INTERVIEW: Czech pediatrician on the big issues facing little ones and their parents

Dr. Magdalena Kreimová from Concierge Medicine has sound advice for parents on screen time, Czechia's pediatrician shortages, and vaccines.

Julie O'Shea

Written by Julie O'Shea Published on 19.12.2023 15:00:00 (updated on 19.12.2023) Reading time: 6 minutes

From Prague’s frustrating pediatrician shortage to the impacts screen time is having on preschoolers and adolescents, we delved into some of the most pressing concerns facing parents today with Dr. Magdalena Kreimová.       

A certified Czech pediatrician with nearly 20 years of experience in private clinics as well as the children’s ward at Bulovka Hospital in Prague 8, Dr. Kreimová recently joined the pediatric staff at Concierge Medicine, a private medical clinic that opened its second office in Smíchov earlier this year. 

We spoke to Dr. Kreimová about vaccinations, the importance of outdoor play, and how Concierge Medicine’s approach is empowering parents to be strong partners in their children’s healthcare journey.   

A lot of parents are struggling to find pediatricians in Prague taking new patients. What advice do you have for them? 

This is not a new problem. There are unfortunately not enough people studying to be pediatricians in the Czech Republic, as a result, many families are crowding the children’s departments and emergency rooms of local hospitals. The doctors there are overworked, and hospitals can’t provide families with preventative check-ups or regular vaccinations. 

This is one of the big reasons why so many families – especially expat families – are turning to private clinics, like Concierge Medicine, where they are met with open-minded doctors who will give them the time they need to have thorough discussions about their children’s healthcare, and not the five minutes you’d normally get in a public medical office. This was not the case 15 years ago, when there were few private clinics on the market and even fewer options for parents struggling to find a doctor for their kids.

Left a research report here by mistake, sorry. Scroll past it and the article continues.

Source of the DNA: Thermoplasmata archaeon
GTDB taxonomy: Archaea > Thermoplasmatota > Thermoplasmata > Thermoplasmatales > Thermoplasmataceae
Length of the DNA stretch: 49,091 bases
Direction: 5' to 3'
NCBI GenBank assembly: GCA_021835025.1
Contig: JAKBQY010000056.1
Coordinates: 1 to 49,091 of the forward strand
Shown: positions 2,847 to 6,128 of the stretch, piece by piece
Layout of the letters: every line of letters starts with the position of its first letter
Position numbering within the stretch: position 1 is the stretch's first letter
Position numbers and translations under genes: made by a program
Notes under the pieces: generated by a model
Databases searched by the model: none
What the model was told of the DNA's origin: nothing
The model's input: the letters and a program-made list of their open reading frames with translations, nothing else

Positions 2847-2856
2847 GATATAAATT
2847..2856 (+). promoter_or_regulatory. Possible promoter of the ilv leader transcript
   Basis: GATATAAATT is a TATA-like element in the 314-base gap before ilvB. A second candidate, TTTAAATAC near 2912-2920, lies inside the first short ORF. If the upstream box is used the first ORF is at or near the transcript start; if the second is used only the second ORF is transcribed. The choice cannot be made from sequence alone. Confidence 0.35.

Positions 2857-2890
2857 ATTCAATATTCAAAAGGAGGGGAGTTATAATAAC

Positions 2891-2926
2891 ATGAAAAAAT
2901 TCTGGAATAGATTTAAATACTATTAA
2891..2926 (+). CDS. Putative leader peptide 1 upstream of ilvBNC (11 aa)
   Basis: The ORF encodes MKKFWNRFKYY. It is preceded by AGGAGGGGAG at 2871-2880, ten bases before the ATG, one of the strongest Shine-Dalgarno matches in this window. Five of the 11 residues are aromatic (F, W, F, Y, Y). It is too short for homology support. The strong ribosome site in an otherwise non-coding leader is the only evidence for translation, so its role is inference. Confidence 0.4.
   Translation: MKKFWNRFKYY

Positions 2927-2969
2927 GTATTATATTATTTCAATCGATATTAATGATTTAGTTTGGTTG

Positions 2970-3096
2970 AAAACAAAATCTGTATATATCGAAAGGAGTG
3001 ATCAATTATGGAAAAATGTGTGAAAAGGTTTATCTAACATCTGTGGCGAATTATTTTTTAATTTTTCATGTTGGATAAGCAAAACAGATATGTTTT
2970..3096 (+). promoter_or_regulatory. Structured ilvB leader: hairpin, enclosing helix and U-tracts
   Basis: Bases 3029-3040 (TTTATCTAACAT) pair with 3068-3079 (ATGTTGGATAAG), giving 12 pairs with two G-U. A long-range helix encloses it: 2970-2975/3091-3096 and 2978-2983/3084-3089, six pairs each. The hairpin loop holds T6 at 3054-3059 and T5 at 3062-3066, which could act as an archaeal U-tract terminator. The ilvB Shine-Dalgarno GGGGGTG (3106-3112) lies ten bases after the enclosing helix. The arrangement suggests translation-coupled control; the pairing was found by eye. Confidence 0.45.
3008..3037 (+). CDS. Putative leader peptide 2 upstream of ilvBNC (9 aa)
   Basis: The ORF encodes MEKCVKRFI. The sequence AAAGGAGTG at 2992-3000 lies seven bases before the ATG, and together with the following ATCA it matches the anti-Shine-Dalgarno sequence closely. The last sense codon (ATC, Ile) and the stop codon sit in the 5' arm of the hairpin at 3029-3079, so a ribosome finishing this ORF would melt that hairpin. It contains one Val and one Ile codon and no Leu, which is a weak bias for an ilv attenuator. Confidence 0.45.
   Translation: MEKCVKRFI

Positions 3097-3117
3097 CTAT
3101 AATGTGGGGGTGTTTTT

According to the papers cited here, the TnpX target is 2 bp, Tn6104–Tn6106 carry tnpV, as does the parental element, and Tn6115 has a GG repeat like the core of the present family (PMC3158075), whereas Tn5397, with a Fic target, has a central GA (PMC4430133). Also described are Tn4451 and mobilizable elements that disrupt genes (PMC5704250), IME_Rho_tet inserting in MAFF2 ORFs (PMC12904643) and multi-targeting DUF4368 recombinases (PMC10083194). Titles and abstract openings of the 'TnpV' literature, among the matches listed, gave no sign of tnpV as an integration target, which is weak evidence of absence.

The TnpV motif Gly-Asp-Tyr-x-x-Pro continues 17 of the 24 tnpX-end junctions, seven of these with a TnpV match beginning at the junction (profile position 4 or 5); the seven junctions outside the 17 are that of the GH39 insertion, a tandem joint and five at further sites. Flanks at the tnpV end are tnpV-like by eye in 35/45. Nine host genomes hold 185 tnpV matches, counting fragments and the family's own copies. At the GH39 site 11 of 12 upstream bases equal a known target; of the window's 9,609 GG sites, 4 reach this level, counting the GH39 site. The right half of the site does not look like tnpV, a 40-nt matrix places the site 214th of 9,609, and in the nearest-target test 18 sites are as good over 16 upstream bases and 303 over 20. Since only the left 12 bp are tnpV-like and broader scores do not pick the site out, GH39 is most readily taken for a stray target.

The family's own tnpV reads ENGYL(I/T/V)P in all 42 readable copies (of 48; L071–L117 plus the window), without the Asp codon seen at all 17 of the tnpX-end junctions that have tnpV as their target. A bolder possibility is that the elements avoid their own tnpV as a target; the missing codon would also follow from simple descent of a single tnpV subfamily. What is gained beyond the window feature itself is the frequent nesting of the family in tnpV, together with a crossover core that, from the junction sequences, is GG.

You recently joined Concierge Medicine. Why is this clinic a good fit for you? 

The philosophy of the company is very close to my heart. Jana Yanová, the medical director, is my schoolmate from university. We are a small group. We are a family, and we treat our patients like family. We focus on giving our patients personalized care, and in the pediatric department see parents as our partners, Our goal is preventive medicine and promoting healthy lifestyles.  

You’ve called your nurse a vital team player. Can you explain the role nurses play in children’s healthcare?

My nurse Zuzka is one of the reasons I came to Concierge Medicine. We work very closely together and know what to expect from each other. It’s very important to have an experienced nurse in this field. Pediatric nurses – which there is a worldwide shortage of – are often the first ones to see the patients. They perform what’s called in the pediatric field a “big hug” – greeting the families, putting children at ease by playing with them, smiling at them, easing their nerves. These “big hugs” help kids relax so that parents can easily have important conversations with their children’s doctor. Nurses do a big, big job.  

What are the benefits of registering your child at a private clinic, like Concierge Medicine?

The most important thing is the time we spend with families. If parents feel like they have time to explain what’s going on with their child, they can express themselves clearly, and we can reach a conclusion faster. We have time for discussions. This is not possible in public medical offices. 

Without really listening to families, I don’t think we can treat our patients well. The healthcare of children, I believe, needs to be about good communication with families.